Darren Murph: No. You're not doing it wrong. The first time I went, we spent a week in Mo'orea, and I don't regret it at all. We did Mo'orea right, and we were able to spend enough time there to see and explore. One thing I wouldn't recommend doing is trying to island hop a lot in French Polynesia. There are dozens of amazing islands to visit, and if you just try to spend a day or two on each one and hop around, you waste so much time and money just in transit, you don't really get the full experience of any one place.

Zach Honig: Yeah. I mean, I saw a couple cruise ships from my hotel in Bora Bora, and it seems like that's exactly what they do. I mean, they move around from one island to the next, and you get just a little bit of time to explore, but that's not something you'd recommend?

Darren Murph: I mean, it doesn't suit my style. I like to get to a place and really embrace it. If you are more of the look-see type of place, then a cruise down there might be more for you.

Zach Honig: Sounds good. Well, since we're not staying on a cruise ship, we're gonna talk about alternative accommodations in just a moment. But first, let's take our quick break.

Zach Honig: So, I'm back here with Darren Murph. He is our resident TPG expert on Paradise.

Darren Murph: You know what? I'll embrace that logo.

Zach Honig: Yeah. I think that's-

Darren Murph: Can I get that tattooed?

Zach Honig: That's fair. Can I be the runner-up? I think I want to be the #2 to the [crosstalk 00:13:32]

Darren Murph: That's totally fine. You know what? Every Polynesian traveler needs a copilot.

Zach Honig: Absolutely. And now it's easier to get there. So, you can be an expert and really explore quite a few different options when it comes to flying to and from French Polynesia, and that's exactly what we did recently. So, you, Brian, and I all went to Tahiti, and then beyond Tahiti as well, but we flew different airlines. So, I flew United going out. It was actually the inaugural flight from San Francisco to Tahiti, and then on the way back, I flew French B, which I did not love very much. It's got a fun name, but it kind of stops there. I mean, there's not much fun onboard, I have to say.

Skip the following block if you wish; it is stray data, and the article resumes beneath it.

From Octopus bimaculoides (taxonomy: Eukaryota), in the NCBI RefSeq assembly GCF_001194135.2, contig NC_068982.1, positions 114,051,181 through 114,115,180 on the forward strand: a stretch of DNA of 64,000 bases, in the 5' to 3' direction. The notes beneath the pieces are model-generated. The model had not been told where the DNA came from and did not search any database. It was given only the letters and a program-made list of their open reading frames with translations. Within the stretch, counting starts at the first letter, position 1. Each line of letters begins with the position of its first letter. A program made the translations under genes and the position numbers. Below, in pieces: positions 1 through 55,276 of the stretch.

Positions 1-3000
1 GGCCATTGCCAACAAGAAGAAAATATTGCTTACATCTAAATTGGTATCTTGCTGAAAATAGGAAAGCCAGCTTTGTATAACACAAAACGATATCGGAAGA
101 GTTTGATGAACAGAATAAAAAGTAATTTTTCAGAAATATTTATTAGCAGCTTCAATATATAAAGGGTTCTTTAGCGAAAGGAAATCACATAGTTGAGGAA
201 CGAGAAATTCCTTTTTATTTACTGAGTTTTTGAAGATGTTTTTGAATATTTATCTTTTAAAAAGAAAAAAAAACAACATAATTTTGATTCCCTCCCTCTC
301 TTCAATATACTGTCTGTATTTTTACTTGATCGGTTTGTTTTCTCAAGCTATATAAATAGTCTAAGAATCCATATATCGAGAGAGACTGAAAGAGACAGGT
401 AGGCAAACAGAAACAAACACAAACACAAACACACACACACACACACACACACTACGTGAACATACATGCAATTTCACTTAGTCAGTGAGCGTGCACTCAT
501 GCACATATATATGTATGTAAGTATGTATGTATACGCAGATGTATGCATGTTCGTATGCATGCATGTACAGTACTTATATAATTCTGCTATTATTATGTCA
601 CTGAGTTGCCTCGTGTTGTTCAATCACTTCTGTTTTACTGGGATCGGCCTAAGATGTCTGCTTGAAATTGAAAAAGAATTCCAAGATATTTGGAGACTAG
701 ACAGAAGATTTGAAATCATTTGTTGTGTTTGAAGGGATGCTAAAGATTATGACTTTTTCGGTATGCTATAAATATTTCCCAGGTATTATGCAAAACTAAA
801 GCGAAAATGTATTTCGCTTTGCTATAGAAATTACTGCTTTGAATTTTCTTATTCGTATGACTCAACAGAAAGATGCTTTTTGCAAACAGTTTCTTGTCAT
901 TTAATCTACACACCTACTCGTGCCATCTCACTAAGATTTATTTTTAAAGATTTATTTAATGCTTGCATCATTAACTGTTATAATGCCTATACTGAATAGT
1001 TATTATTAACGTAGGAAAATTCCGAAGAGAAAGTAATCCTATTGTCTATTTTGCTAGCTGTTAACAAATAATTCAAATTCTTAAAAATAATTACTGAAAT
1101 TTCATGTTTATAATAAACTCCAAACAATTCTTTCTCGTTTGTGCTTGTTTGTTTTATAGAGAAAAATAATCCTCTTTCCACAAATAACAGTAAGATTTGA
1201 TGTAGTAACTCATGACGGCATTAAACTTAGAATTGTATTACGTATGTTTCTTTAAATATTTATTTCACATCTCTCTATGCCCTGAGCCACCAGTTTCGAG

Darren Murph: So, I haven't flown either of those, so tell me about those. I mean, people are wondering, "If I'm gonna go there, I need to know what the product's gonna [inaudible 00:14:21]"

Zach Honig: Yeah, exactly. So, the fares are actually comparable, which is really interesting because French B is very much a low cost carrier, and so it's no-frills, you have to pay for everything. There's buy-onboard food. A lot of people are actually flying all the way from Paris to Tahiti, so they're spending about 20 hours on this aircraft with a stop in San Francisco.

Darren Murph: And premium economy is as nice as it gets.

Zach Honig: It's as nice as it gets, and it's not that nice. I mean, those seats were barely wider than regular economy seats. Economy on United 767 is wider than premium economy on the French B 8350, which is insane.

Darren Murph: So, take note of that if you plan on booking French B and then splurging for premium economy. Space wise, you're just as well on the United economy.

Zach Honig: Well, I should clarify that United does not fly 767's to Tahiti.

Darren Murph: That's true.